US ordered to pay compensation to EU music copyright holders

The US Government has been ordered to pay compensation to EU music rights holders of US$1.1m (approximately £765,000) per year by a World Trade Organisation (WTO) Arbitration Panel in respect of the use of musical works by certain US businesses.

The ruling relates to a finding by the WTO that a provision of US copyright law is incompatible with the Trade Related Aspects of Intellectual Property Agreement (TRIPS).

This provision permits small businesses (such as bars and restaurants) to allow their customers to enjoy radio and television broadcasts on their premises without paying the owners of the copyright in musical works that are embodied in the broadcasts. If it were not for this provision, these businesses would have to obtain and pay for a licence from the relevant copyright owners (usually via a collection society).

The EU complained to the WTO that this exemption conflicts with the US’s obligations under TRIPS which provides that copyright owners should have the exclusive right to authorise “the public communication by loudspeaker … transmitting the broadcast of their work.” The essence of the EU’s complaint was that because similar European businesses are not exempt from having to pay for this particular usage, US collection societies receive income from the use of their members’ works in Europe, whereas European collection societies do not receive payment in respect of the same use of their members’ works in the US.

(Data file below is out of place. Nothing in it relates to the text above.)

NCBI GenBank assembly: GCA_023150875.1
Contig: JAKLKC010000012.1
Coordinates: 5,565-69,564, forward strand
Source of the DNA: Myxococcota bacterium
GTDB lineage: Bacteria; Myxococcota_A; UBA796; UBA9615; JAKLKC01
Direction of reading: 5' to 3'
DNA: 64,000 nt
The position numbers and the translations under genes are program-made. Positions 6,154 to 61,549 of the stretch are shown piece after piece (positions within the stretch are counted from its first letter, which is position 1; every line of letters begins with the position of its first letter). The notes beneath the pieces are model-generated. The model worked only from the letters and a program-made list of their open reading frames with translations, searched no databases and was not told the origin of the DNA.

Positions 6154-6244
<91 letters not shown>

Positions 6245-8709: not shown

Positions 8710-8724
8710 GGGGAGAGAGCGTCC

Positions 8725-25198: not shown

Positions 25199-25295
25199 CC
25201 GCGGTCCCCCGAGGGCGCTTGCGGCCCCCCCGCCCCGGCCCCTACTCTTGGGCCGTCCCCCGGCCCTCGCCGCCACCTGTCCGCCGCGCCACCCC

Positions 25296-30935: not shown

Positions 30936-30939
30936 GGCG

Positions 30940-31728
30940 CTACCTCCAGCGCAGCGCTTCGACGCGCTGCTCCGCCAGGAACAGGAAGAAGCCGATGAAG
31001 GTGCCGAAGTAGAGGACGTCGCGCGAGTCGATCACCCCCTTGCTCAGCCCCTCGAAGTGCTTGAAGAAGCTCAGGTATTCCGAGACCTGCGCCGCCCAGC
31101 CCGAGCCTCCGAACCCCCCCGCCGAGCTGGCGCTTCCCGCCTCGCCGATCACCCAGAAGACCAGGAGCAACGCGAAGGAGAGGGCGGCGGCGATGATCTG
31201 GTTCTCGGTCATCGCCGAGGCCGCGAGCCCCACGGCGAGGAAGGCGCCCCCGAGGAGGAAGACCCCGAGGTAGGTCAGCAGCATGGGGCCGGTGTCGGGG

In June 2000, the WTO Panel ruled in the EU’s favour and requested that US copyright law be brought into line with TRIPS. The US failed to comply with this request.

The issue of compensation was subsequently referred to arbitration. The EU argued that the level of compensation should reflect the amount of royalties that would have been paid if all the exempt businesses had been required to obtain a licence (they estimated this to be around US$25.5m per year). The US argued that the level of compensation should reflect the royalties that were payable prior to the introduction of the offending provision in 1998. These were between US$400,000 and US$700,000. The arbitrators preferred the US’s arguments and on 9 November awarded compensation of US$1.1m per year.

There are still issues about how the award will be distributed amongst the European collection societies and rights owners and about how those societies apportion the compensation between their publisher and writer members.

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